Date: May 10, 2017//4 Comments
Dr. Kafi WilsonBOARD MEMBER
“I consider myself an individual that always looks for a better way of doing things. This has been pervasive through my academic, residency, and now professional career. This tenacity and steady pursuit of perfection has given me the drive I have needed to tackle and complete many challenges in life. I have an optimistic outlook and like to share my passion for improvement with others.”
Dr. Kafi Wilson’s immediate objective is to expand her network to include potential partners and clients who share a vision for innovation and promotion of healthcare delivery both nationally and globally. To utilize insights she has gained through clinical practice experience and leadership roles, Dr. Wilson strives to identify and articulate opportunities that both limit and benefit healthcare’s ability to offer consistent and effective patient care that is tailored to the unique and individual needs of patients and their families.
Dr. Kafi Wilson’s long term objective is to assist in the construct of an effective and efficient health care delivery continuum, thereby bridging her foundational experience in acute and end of life care with health administration. She also ensures that the right care, in the right setting, for the right patient is rendered through the promotion and advocate of informed patient CHOICE in health care delivery.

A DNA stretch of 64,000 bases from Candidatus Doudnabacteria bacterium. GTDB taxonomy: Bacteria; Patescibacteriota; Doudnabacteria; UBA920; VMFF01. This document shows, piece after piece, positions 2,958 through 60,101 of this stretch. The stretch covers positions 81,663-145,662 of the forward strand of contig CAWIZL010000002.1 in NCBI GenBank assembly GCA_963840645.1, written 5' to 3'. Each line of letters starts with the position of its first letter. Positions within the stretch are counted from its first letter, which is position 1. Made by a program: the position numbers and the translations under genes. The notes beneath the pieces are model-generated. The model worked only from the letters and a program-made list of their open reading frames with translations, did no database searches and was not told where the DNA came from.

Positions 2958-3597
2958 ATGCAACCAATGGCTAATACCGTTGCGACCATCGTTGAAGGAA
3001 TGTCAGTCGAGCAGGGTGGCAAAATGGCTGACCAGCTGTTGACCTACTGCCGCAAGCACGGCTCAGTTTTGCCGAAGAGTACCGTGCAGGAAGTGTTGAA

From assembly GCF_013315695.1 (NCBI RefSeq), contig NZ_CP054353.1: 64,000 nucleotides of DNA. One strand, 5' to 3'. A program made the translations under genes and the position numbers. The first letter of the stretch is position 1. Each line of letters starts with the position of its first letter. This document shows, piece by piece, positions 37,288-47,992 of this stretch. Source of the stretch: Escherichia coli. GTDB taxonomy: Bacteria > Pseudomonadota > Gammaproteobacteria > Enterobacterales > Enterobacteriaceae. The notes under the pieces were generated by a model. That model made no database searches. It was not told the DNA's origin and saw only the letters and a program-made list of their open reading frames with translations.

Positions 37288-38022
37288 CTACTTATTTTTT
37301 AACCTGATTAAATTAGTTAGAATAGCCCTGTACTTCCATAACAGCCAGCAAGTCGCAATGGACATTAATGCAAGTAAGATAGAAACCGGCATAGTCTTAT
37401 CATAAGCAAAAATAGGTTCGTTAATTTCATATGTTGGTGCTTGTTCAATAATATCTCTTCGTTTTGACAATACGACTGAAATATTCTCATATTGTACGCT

Dr. Wilson is an internist in the State of Georgia whom specializes in Hospice and Palliative Medicine. She received her medical degree from University of Alabama School of Medicine and has been in practice between 11-20 years.
We all know that human trafficking is one of the largest issues facing humanity today. The most common form of human trafficking (79%) is sexual exploitation. Worldwide, almost 20% of all trafficking victims are children. However, in some parts of Africa and the Mekong region, children are the majority (up to 100% in parts of West Africa). *
*Source: A Global Report on Trafficking in Persons, the United Nations Office on Drugs and Crime (UNODC) February 2009Get Involved